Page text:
The next day he was in Ohio, clarifying himself.  Sure I will accept the election outcome, but only if I win. Thousands of chest thumping people, mostly white and mostly "less educated," screamed, "Amen,  Amen!"

So, what's really going on?

To most Americans, their country is manna from heaven. For years, this country's political leaders have talked about America being "exceptional" and its work – whether selling arms to Saudi Arabia or dropping bombs on poor Vietnamese – God's work. Looking at it now, the "BolirKhela" – of the American variety - does not look much like God's work. 

As we witness in real time the disintegration of the myth about the greatness of American democracy, people are worrying what will happen once this election is over. The most worrying is the scenario in which an angry Trump refuses to concede defeat and millions of his marauding followers take to the street threatening violence.  

The underlying reason for the growing "white anger" is, of course, their political and economic marginalisation. The country is increasingly getting un-white, a prospect deeply resented by the whites who had taken it for granted that they would forever remain in charge. According to US statistics, a majority of Americans would be non-white by 2043. However, if you consider the US population under five, this country is already a non-white majority. According to US census report, by 2015, America's 52.3 per cent children under five were non-whites.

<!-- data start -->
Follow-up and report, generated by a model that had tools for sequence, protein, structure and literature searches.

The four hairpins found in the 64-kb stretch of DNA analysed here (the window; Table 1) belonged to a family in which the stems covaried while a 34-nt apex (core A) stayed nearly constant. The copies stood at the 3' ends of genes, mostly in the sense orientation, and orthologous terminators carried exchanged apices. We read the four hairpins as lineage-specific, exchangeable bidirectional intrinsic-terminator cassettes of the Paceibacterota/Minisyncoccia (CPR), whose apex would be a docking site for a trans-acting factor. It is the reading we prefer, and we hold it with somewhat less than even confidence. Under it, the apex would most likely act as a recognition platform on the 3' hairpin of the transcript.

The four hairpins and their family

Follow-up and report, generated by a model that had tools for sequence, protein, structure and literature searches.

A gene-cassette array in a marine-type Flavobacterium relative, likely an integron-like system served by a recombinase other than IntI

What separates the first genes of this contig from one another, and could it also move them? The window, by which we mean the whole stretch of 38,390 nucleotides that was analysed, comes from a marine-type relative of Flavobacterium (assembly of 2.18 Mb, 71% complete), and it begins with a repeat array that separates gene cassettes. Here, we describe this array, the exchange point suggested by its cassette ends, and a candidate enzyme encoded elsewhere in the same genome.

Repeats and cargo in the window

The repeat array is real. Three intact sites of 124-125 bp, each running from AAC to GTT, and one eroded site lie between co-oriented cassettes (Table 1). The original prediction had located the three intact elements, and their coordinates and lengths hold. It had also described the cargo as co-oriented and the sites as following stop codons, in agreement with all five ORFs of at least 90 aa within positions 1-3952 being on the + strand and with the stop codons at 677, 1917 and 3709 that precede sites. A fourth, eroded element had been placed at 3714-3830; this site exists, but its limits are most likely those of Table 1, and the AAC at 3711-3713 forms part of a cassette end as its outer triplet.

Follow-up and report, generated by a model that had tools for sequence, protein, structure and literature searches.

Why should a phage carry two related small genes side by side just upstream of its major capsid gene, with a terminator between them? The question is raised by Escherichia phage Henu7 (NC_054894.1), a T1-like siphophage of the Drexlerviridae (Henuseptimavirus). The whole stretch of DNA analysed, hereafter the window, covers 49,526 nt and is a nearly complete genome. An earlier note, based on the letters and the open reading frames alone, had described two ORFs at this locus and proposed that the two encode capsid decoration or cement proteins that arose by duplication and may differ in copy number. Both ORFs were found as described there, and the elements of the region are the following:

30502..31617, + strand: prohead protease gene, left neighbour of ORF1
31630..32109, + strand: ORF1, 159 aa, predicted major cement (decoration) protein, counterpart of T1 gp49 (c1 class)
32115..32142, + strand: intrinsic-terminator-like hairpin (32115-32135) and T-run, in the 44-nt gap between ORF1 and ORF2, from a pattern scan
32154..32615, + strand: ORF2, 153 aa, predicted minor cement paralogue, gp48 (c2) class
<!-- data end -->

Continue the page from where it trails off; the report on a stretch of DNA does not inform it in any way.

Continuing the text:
This is a reality the whites cannot accept.

Almost eight years ago, when Barack Obama beat all his white competitors to become the country's first black President, it hit the whites for the first time that the country was slipping out of their grip. The reaction was swift and widespread. He was denounced as illegitimate because he was a 'Muslim and foreign-born'. Ann Coulter, a conservative columnist, called Obama a monkey, and Ted Nugent, a singer and song writer, called him "a subhuman mongrel." That was only hors devours, the main course was yet to come. 

Unsurprisingly, a new political movement was launched called Tea Party, anchored solely on the fear that the country was being "stolen" from them.  In 2014, two Princeton University professors, Christopher Parker and Matt Barreto, published their award-winning book, Change they Can't Believe In, where they demonstrated how the Tea Party movement was fueled by White America's firm belief that they needed to take back their country. Donald Trump simply took the idea of a "stolen country" and made it an anthem for a despairing white nation.

As we watch the American version of our Bolirkhela, one shudders to think how this might end.  The next chapter of this nation is yet to be written, but if its people fail to retake their own country from the Trump maniacs, it would truly be lost.

The writer is a journalist and author based in New York.